Event Dates: 21 and 22 January 2015
Byng Kendrick Lecture Theatre (G11)
Main Building, Ground Floor
Birmingham B4 7ET
Industrielle Volksmusik for the Twenty-First Century: Kraftwerk and the Birth of Electronic Music in Germany
Kraftwerk have long been recognised as major pioneers of electronic music. The group attracted keen interest particularly in the UK, where their innovative sound had a decisive influence on the development of 1980s synth pop. While the announcement in 2009 of Florian Schneider’s departure from the core team of Hütter/Schneider initially suggested an end to the band, the now solely Hütter-led group has since made a stunning return to public attention.
Extensive touring attracted considerable audiences who, in many cases, were exposed to the band’s shows for the first time. The recent full move to 3D stage projections took their shows – once defined by Hütter as a succession of Musikgemälde (musical paintings) – to a new visual level. It prepared Kraftwerk for a string of appearances at international museums and leading art institutions, where, over the course of eight evenings each, they played retrospectives of their catalogue. These residencies in venues such as MoMA, Tate Modern and the Neue Nationalgalerie in Berlin in the week before the conference, have confirmed Kraftwerk’s position as major exponents of contemporary German art. Their unique standing in the twenty-first century underscores the band’s promise given in the 1986 song Techno Pop: “Es wird immer weiter gehen / Music als Träger von Ideen” (It will carry on from here / Music, the carrier of ideas).
While Kraftwerk’s recent activity rekindled interest in the band – as evidenced by David Buckley’s 2012 biography and the volume edited by Sean Albiez/David Pattie (2011) – there still remain many areas to be explored and many established views to be questioned. For example, a critical appreciation of their conceptual art or the contextualisation of the band in the wider framework of German cultural history are needed. To do justice to the many-facetted aspects of their œuvre and their artistic ‘corporate identity’ as a group of “sound researchers”, a pronounced interdisciplinary approach will provide the methodological framework to the conference. Kraftwerk specialists from Britain, as well as Finland, Austria, the Netherlands and the US, will present papers dealing with the band’s music and the impact it has had on other artists.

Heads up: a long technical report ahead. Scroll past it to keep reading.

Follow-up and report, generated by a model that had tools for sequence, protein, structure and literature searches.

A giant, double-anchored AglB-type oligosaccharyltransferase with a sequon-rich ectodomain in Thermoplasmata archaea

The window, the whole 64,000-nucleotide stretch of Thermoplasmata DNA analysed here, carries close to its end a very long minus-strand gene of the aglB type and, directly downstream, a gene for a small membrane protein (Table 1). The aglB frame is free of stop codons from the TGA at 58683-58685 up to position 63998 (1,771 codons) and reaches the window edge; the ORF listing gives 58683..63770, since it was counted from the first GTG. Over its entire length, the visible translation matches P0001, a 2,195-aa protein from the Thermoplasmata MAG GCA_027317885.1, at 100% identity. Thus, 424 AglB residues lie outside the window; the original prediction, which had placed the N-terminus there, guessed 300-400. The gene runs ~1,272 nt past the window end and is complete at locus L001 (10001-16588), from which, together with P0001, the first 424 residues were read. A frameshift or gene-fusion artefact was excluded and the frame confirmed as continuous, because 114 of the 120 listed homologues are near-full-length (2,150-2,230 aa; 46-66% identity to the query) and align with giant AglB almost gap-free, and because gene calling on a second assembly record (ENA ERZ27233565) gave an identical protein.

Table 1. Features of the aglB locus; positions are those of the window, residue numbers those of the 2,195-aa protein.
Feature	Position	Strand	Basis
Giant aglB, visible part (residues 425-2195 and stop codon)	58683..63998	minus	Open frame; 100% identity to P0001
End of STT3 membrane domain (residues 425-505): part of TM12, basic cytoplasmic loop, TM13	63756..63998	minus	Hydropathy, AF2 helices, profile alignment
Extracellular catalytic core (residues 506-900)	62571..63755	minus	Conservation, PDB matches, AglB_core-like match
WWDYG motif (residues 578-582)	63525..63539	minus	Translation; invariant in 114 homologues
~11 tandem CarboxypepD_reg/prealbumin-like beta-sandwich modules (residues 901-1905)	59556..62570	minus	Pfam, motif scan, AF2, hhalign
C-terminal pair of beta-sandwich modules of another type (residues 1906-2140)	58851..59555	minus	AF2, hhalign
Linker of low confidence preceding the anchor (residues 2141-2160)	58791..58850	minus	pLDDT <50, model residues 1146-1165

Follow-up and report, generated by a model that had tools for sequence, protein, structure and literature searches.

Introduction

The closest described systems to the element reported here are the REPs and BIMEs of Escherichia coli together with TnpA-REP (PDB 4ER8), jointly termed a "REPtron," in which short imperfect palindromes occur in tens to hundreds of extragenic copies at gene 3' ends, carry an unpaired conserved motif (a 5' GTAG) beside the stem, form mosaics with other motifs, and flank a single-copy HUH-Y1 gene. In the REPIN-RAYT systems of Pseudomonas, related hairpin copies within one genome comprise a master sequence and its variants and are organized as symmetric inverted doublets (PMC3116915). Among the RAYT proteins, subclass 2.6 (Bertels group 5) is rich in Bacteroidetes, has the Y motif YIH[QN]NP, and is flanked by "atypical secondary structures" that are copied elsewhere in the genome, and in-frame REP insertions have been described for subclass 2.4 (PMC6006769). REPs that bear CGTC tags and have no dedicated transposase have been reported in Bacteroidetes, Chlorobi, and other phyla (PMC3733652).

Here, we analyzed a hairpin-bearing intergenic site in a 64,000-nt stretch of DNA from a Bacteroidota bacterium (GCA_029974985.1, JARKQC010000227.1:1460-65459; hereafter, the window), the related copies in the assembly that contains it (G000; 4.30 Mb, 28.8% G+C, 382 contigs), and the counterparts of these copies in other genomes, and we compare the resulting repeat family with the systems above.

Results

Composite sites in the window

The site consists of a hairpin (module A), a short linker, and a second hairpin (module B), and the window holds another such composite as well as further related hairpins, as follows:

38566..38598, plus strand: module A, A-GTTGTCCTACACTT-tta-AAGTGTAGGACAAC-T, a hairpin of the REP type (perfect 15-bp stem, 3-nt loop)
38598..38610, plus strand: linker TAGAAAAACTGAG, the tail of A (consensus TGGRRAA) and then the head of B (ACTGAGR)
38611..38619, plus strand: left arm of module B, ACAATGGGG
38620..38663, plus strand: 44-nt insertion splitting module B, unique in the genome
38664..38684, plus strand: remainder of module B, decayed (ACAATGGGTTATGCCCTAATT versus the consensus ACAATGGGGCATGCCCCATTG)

NB: We are sorry about having to edit out all musical examples due to copyright restrictions. Most titles are easily found on YouTube.
Introduction to the conference:
Stephen Mallinder (Brighton/Cabaret Voltaire) – Kraftwerk: Modernity and Movement:
David Stubbs (London) – The Archaeological Years: Kraftwerk before Autobahn:
David Pattie (Chester) – Ralf und Florian, Krautrock and Germany:
Nick Stevenson (Nottingham) – Cabaret Voltaire and Dada Modernity:
Melanie Schiller (Groningen) – Fun Fun Fun on the Autobahn: Kraftwerk Challenging Germanness:
Uwe Schütte (Aston) – We Are the Robots! On the Cultural-Historical Origins of the Man-Machine: